I have the following jQuery AJAX call to an ASP.Net page.

                async: true,
                type: "POST",
                url: "DocSummaryDataAsync.aspx", //"DocSummary.aspx/GetSummaryByProgramCount",
                contentType: "application/json; charset=utf-8",
                data: kendo.stringify({ vendorId: supplierId, businessUnit: busUnit, productSegmentId: prodSegmentId, programId: progId, productManagerId: prodManagerId, companyIds: compIds, expired: exp.toString(), requestType: 'TotalCount' }),
                success: function (msg) {
                    // alert('in success of getcount');

                error: function (XMLHttpRequest, textStatus, errorThrown) {
                    // alert('in failure of getcount');


When I try to retrieve from Request object, the posted data, it does not show up. My aspx page code is as below. I am sending each of posted data in Json format to the page, yet it doesn't show up in code-behind of page. Is there some extra setting in jQuery ajax call that I am missing?

   protected void Page_Load(object sender, EventArgs e)
        Response.ContentType = "application/json";

        string requestType = Request.Params["requestType"];

        //populate variables from posted data
        string vendorId = Request.Params["vendorId"];
        string businessUnit = Request.Params["businessUnit"];
        string productSegmentId = Request.Params["productSegmentId"];
        string commitmentProgramId = Request.Params["programId"];
        string productManagerId = Request.Params["productManagerId"];
        string companyIds = Request.Params["companyIds"];
        string expired = Request.Params["expired"];

UPDATE 1: Stephen's answer is the best approach to this, especially the approach that does ProcessRequest. However, I did find a small trick that will allow data to be posted to ASP.Net in the usual traditional manner i.e. like Request["vendorId"] etc. To enable such posting of data from any jQuery ajax request, you simply need to make sure that the following 2 points are applied to your jQuery ajax call:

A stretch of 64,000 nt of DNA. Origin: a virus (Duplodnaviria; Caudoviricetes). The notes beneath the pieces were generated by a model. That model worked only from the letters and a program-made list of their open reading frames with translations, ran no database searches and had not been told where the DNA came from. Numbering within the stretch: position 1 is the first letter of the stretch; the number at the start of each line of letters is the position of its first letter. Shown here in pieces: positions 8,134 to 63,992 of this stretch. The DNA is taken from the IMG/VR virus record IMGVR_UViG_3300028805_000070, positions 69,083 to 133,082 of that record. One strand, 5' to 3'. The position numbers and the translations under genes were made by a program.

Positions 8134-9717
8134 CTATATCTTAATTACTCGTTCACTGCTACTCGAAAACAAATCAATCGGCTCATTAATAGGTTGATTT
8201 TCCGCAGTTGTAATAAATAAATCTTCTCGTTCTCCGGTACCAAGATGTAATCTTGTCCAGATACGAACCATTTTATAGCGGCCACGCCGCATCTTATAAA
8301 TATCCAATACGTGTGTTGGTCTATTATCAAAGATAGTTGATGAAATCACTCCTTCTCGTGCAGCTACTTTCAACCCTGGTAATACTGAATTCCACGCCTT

1. The content-type should be left out of your jQuery ajax call Or if you want to include it then it should not be set to "application/json; charset=utf-8" but to "application/x-www-form-urlencoded; charset=UTF-8". Content-type, as per my understanding is telling the ASP.Net page the type of data that is being sent, and not the type of data that is expected of the page.
  2. The data part of jQuery ajax should not have the data names enclosed in quotes. So data: {"venorId":"AD231","businessUnit":"123"} should be replaced by data: {vendorId:"AD231",businessUnit:"123"}. In this example the data names are vendorId and businessUnit, which can be accessed in your ASP.Net code-behind using usual ASP.Net syntax like Request["vendorId"] and Request["businessUnit"].
  • I am also tried this way, anything doesn't work for me. Can any one help me. – user1120998 Mar 18 '14 at 6:45

Option 1. Keep your server side code the same

First remove the kendo.stringify. Then either remove the contentType or change it to...

"application/x-www-form-urlencoded; charset=utf-8"